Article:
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One of the Healthy People 2010 objectives calls for a reduction in the proportion of adults with doctor-diagnosed arthritis who are limited in their ability to work for pay because of arthritis (objective 2-5b).1 Persons who are limited in their work by arthritis are considered to have arthritis-attributable work limitation (AAWL). In the United States, AAWL affects one in 20 working-age adults (aged 18-64 years) and one in three working-age adults with self-reported, doctor-diagnosed arthritis.2 To estimate state-specific prevalence of AAWL and the percentage employed among working-age U.S. adults with AAWL, CDC analyzed data from the 2003 behavioral risk factor surveillance system (BRFSS) survey. This report describes the results of that analysis, which indicated that the state-specific prevalence of AAWL among all working-age adults ranged from 3.4% (Hawaii) to 15.0% (Kentucky) (median among states: 6.7%) in 2003. Among those with self-reported, doctor-diagnosed arthritis, the prevalence of AAWL ranged from 25.1% (Nevada) to 51.3% (Kentucky) (median among states: 33.0%). In every state, persons with work limitations attributed to arthritis reported being employed less frequently than working age adults in the state overall and persons with arthritis but not work limitations. Greater use of interventions is needed to help persons with arthritis become and stay employed.
The BRFSS survey is a state-based, random-digit–dialed telephone survey of the noninstitutionalized, U.S. civilian population aged ≥18 years conducted annually in all 50 states, the District of Columbia (DC), Guam, Puerto Rico, and the U.S. Virgin Islands. The 2003 BRFSS survey was the only state-specific survey to assess AAWL among persons with doctor-diagnosed arthritis. Doctor-diagnosed arthritis was defined as a “yes” response to the question, “Have you ever been told by a doctor or other health professional that you have some form of arthritis, rheumatoid arthritis, gout, lupus, or fibromyalgia?” AAWL was defined as a “yes” response to the following: “In this next question, we are referring to work for pay. Do arthritis or joint symptoms now affect whether you work, the type of work you do, or the amount of work you do?” Participants were asked to choose one of the following to determine their employment status: employed for wages, self-employed, out of work for more than 1 year, out of work for less than 1 year, homemaker, student, retired, or unable to work. Respondents were considered employed if they reported being employed for wages or self-employed. Respondents with missing values for doctor-diagnosed arthritis were excluded from the analysis.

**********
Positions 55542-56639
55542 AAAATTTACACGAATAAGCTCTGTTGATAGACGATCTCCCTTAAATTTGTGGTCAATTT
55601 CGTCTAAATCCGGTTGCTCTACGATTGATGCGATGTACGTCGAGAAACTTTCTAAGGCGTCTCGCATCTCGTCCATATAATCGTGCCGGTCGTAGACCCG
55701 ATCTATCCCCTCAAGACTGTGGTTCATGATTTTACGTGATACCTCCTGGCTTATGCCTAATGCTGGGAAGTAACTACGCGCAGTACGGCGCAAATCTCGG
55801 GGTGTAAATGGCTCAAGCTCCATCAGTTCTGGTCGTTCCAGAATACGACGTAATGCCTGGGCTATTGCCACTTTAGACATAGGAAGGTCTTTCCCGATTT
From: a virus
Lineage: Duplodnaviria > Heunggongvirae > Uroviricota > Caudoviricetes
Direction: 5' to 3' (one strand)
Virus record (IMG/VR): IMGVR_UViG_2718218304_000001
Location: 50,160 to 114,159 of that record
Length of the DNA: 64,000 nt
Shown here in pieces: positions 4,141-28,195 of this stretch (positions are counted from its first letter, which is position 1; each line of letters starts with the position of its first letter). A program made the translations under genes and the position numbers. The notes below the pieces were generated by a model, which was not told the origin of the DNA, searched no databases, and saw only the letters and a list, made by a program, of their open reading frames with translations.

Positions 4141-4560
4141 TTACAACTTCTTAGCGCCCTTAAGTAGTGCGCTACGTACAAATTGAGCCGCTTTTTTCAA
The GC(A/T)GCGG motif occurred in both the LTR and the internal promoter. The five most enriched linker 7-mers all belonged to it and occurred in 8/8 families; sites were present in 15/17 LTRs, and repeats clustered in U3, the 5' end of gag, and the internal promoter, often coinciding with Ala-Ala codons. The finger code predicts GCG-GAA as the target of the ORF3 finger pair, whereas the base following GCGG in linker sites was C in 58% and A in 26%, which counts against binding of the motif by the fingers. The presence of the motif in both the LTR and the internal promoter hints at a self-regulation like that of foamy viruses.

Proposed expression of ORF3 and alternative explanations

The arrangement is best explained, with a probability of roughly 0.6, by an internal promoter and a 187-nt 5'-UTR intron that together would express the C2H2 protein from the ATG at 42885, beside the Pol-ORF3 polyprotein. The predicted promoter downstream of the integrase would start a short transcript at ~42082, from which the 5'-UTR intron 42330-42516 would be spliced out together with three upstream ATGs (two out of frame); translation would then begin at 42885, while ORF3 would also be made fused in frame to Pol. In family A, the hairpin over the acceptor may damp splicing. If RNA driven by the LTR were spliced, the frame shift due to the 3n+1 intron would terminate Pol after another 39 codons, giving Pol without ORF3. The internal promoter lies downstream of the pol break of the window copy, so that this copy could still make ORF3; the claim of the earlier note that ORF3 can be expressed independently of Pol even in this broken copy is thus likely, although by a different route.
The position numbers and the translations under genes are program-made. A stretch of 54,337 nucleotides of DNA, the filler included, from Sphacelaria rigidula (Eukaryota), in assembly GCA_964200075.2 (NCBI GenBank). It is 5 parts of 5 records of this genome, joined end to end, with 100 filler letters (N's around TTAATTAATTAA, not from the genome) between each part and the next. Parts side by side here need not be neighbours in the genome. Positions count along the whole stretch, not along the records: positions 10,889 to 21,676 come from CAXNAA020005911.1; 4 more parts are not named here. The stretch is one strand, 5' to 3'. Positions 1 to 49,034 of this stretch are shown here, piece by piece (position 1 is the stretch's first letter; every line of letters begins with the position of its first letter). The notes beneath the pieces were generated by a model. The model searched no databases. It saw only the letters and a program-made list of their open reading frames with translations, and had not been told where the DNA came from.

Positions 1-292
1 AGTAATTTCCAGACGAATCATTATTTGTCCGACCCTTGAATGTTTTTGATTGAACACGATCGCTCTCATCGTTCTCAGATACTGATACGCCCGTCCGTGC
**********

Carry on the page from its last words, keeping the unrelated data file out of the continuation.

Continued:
State-specific prevalence of AAWL was estimated using the population of working-age adults in the state as the denominator. The state population of working-age adults with arthritis was used as the denominator to calculate the proportion of AAWL in this group. The percentage employed* was estimated for three groups in the working-age population: (1) overall, (2) among those reporting doctor-diagnosed arthritis, and (3) among those reporting arthritis and AAWL. Ranges and medians are reported for the 50 states and DC. Weighted point estimates and 95% confidence intervals were derived, accounting for the complex survey design. The Council of American Survey Organizations (CASRO) response rates among the 54 states and territories for the 2003 BRFSS survey ranged from 34.4% (New Jersey) to 80.5% (Puerto Rico) (median: 53.2%), and cooperation rates ranged from 60.1% (California) to 91.9% (Puerto Rico) (median: 74.8%).†
In 2003, the state-specific prevalence of AAWL among working-age adults ranged from 3.4% (Hawaii) to 15.0% (Kentucky) (median among states: 6.7%). In the territories, prevalence of AAWL was 4.5%, 4.7%, and 5.7% for Puerto Rico, the U.S. Virgin Islands, and Guam, respectively. AAWL was higher in all states and territories among adults aged 45-64 years compared with those aged 18-44 years, with the median for the older group (11.7%; range: 5.5% [Hawaii] to 23.5% [Kentucky]) nearly three times that of the younger group (3.9%; range: 2.1% [Hawaii] to 9.6% [Kentucky]). The prevalence of AAWL among adults with doctor-diagnosed arthritis ranged from 25.1% (Nevada) to 51.3% (Kentucky) (median among states: 33.0%). Age adjustment resulted in nearly identical estimates.
Among all 50 states and DC, the median percentage employed was 73.2% (range: 60.6% [West Virginia] to 82.0% [South Dakota]) for the overall working-age population but was consistently lower for those with doctor-diagnosed arthritis (median among states: 64.3%; range: 47.6% [Kentucky] to 77.1% [South Dakota]) and lower still among those with AAWL (median among states: 48.7%; range: 32.9% [Kentucky] to 67.7% [South Dakota]). This pattern also was observed among all the territories except Puerto Rico. Age adjustment resulted in similar estimates.
KA Theis, MPH, JM Hootman, PhD, CG Helmick, MD, L Murphy, PhD, J Bolen, PhD, G Langmaid, Div of Adult and Community Health, National Center for Chronic Disease Prevention and Health Promotion; GC Jones, PhD, Div of Human Development and Disability, National Center on Birth Defects and Developmental Disability, CDC.